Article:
Welcome to the Autumn issue of Protected. Reflections and looking back can be thought-provoking and instructive.
Reading past editions recently of the Australian Ranger Bulletin (a journal for State conservation managers across Australia) from 30-40 years ago, I was struck by the frequent references to eco-tourism and its management challenges in our national parks. Ecotourism is currently a major issue and opportunity for our National Parks, and will continue to increase in the build to 2032, plus the post Olympics and Paralympics legacy.
So – what’s changed in the past 40 years?
40 years ago (1980’s): Interestingly, an article by CSIRO research scientist G.Yapp flagged the need for additional areas separate to National Parks to be acquired and managed as State recreation areas, as a measure to accommodate increasing recreation demand. The trend was also mentioned of increasing resources going into managing recreation with little left for research and conservation.
The article also recommended land acquired for National Parks should include areas suitable for cabins, camping and picnic grounds, car parks and visitor centres to avoid locating these facilities in sensitive areas unsuitable for intensive visitor use.
30 years ago (1990’s): Debate was spreading about the various definitions of eco-tourism, and the ‘fuzzy’ use and loose application of the term. Even then, the emphasis was increasingly on first hand experiences that enhance an ecotourist’s knowledge and appreciation of the natural area, resulting in them taking home messages about the importance of nature conservation.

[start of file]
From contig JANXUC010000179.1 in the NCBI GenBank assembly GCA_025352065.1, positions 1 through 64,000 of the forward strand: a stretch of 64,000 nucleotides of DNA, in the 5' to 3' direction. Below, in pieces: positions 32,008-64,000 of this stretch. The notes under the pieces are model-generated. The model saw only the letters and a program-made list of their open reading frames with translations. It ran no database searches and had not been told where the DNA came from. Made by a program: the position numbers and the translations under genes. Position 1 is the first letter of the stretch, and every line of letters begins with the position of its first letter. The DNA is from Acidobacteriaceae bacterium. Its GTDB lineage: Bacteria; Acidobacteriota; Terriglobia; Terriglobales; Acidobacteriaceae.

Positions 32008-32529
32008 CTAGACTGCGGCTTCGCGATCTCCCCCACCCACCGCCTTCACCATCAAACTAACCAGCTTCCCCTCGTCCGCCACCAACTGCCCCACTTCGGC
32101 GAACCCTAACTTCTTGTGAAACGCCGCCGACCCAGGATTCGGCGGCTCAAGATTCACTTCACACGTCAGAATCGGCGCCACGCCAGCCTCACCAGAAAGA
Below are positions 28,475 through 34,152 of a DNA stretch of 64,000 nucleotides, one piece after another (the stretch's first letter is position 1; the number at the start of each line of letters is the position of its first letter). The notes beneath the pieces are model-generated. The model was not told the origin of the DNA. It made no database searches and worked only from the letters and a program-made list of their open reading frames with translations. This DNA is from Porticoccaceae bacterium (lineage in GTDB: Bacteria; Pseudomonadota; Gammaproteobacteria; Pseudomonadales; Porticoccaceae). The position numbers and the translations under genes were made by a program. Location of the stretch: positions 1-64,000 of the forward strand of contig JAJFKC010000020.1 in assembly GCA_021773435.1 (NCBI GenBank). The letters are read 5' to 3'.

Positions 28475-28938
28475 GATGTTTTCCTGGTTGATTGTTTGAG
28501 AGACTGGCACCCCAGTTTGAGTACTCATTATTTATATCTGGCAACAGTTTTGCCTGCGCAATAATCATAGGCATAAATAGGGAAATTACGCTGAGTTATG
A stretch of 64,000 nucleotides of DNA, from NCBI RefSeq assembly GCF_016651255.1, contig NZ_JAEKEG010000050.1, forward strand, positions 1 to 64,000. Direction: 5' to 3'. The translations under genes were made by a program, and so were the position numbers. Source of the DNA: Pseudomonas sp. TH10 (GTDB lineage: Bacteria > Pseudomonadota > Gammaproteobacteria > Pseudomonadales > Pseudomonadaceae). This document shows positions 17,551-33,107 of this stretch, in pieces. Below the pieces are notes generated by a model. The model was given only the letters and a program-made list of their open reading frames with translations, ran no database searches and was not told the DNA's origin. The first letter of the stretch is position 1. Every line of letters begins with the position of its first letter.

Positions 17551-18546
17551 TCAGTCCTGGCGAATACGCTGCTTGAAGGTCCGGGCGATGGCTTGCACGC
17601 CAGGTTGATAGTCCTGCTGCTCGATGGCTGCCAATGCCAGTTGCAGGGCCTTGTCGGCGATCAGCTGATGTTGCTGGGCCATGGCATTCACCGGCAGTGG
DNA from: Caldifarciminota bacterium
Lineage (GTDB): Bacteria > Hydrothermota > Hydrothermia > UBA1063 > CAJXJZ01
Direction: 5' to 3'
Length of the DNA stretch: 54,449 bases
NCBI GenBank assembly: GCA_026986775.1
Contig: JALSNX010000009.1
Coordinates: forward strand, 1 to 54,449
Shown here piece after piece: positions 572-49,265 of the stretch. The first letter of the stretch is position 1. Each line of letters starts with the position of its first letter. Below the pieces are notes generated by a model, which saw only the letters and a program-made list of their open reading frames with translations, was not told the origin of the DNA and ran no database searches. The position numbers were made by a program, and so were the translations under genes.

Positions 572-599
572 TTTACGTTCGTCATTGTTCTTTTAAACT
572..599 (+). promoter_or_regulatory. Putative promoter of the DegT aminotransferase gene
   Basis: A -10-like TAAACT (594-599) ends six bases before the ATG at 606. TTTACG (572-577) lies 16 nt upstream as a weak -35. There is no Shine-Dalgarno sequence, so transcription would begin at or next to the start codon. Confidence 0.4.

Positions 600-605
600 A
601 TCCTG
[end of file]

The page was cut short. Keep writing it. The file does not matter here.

In 1994, the first National Ecotourism Strategy was developed by the Federal Government, in response to the rapid growth of this sector.
One area that has experienced major change is the recognition and involvement of First Nations people in managing National Parks. Even in 1996, it was requested that climbing Uluru “is part of our cultural identity, …..but this must change. An appropriate alternative is to circumnavigate the rock by walking around the base. This protects not only the environmental values, but importantly the cultural ones as well – a point that is often overlooked by those in ecotourism who focus solely on natural environmental values”. The shift since then has been permanent and substantive.
So what’s changed since then – and what does this indicate for us now? Many of the issues we are facing today have been flagged for the past 30-40 years, with little progress. Responding to the growing demand for outdoor and nature-based recreation activities, the need for increased ranger resources to manage for nature conservation and not just recreation or visitor impacts are still priorities that need to be addressed. Also improved interpretation to ecotourism visitors so they gain a deep and meaningful understanding of the unique values and significance of the area they are experiencing.
Although many of these challenges were flagged 30-40 years ago, we still have a way to go.